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An empirical comparison of widely adopted hash functions in digital forensics: does the programming language and operating system make a difference

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Reference

Satyendra, G., Baggili, I., Breitinger, F., & Fischer, A. (2015). An empirical comparison of widely adopted hash functions in digital forensics: does the programming language and operating system make a difference. Paper presented at the Proceedings of the Conference on Digital Forensics, Security and Law.

Publication type

Paper in Conference Proceedings

Abstract

Hash functions are widespread in computer sciences and have a wide range of applications such as ensuring integrity in cryptographic protocols, structuring database entries (hash tables) or identifying known files in forensic investigations. Besides their cryptographic requirements, a fundamental property of hash functions is efficient and easy computation which is especially important in digital forensics due to the large amount of data that need to be processed in cases. In this paper, we correlate the runtime efficiency of common hashing algorithms (MD5, SHA-family) and their implementation. Our empirical comparison focuses on C-OpenSSL, Python, Ruby, Java on Windows and Linux and C? and WinCrypto API on Windows. The purpose of this paper is to recommend appropriate programming languages and libraries for coding tools that include intensive hashing functionality. In each programming language, we compute the MD5, SHA-1, SHA-256 and SHA-512 digest on datasets from 2 MB to 1 GB. For each language, algorithm and data, we perform multiple runs and compute the average elapsed time. In our experiment, we observed that OpenSSL and languages utilizing OpenSSL (Python and Ruby) perform better across all the hashing algorithms and data sizes on Windows and Linux. However, on Windows, performance of Java (Oracle JDK) and C WinCrypto is comparable to OpenSSL and better for SHA-512.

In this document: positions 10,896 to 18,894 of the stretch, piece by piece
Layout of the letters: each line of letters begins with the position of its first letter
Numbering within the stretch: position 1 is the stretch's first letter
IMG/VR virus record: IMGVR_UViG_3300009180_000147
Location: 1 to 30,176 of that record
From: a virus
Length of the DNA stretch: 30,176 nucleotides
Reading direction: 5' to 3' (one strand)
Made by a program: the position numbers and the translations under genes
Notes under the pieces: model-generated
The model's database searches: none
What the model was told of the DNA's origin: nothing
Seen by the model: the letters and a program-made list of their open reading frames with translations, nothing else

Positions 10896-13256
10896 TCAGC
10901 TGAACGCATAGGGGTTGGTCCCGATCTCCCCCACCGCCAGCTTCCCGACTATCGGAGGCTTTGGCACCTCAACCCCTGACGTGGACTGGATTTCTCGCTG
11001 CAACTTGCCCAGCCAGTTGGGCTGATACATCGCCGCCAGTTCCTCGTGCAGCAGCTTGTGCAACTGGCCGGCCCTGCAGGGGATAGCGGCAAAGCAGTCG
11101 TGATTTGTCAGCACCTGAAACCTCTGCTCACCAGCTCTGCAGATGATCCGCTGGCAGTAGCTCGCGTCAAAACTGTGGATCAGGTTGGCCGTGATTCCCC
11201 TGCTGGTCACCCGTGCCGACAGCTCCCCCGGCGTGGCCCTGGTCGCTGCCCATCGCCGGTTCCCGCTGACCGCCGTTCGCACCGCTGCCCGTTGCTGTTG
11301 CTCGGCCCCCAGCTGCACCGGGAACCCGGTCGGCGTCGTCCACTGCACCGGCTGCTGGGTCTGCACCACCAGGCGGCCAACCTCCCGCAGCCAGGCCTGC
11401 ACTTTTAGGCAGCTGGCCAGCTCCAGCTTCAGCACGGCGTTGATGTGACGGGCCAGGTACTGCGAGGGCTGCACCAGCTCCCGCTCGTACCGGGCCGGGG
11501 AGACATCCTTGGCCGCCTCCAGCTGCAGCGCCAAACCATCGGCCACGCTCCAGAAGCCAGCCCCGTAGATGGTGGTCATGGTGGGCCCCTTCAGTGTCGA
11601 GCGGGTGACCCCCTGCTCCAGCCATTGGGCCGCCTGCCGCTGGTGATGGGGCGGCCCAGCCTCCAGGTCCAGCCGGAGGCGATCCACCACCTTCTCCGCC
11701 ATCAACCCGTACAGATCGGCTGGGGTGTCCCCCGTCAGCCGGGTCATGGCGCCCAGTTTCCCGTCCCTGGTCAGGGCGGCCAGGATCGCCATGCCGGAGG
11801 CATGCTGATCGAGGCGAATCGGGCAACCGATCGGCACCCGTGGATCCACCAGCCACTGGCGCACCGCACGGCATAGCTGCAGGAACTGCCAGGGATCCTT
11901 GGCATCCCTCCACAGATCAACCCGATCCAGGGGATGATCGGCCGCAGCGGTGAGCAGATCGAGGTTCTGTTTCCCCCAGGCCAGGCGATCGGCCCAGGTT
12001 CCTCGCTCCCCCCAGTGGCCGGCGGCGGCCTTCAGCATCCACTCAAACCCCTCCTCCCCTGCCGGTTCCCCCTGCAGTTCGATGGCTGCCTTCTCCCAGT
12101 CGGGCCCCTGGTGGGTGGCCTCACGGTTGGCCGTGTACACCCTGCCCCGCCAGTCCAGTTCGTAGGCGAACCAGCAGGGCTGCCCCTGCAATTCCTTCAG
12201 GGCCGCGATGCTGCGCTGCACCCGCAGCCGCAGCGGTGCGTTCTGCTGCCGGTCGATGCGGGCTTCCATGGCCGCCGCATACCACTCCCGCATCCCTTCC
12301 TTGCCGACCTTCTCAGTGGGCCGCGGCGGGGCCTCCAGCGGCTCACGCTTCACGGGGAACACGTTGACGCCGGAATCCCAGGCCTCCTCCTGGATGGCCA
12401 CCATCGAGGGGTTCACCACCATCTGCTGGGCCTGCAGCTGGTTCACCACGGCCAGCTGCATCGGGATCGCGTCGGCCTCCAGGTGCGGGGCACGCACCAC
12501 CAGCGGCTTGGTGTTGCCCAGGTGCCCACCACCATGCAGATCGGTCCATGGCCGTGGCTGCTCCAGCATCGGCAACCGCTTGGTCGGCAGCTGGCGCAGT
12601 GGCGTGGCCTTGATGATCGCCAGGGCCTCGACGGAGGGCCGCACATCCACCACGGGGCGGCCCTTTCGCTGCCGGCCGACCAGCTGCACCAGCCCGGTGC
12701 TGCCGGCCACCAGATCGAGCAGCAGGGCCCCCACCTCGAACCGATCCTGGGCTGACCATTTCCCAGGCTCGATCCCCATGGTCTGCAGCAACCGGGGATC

Persons

Organizational Units

  • Institute of Information Systems
  • Hilti Chair for Data and Application Security

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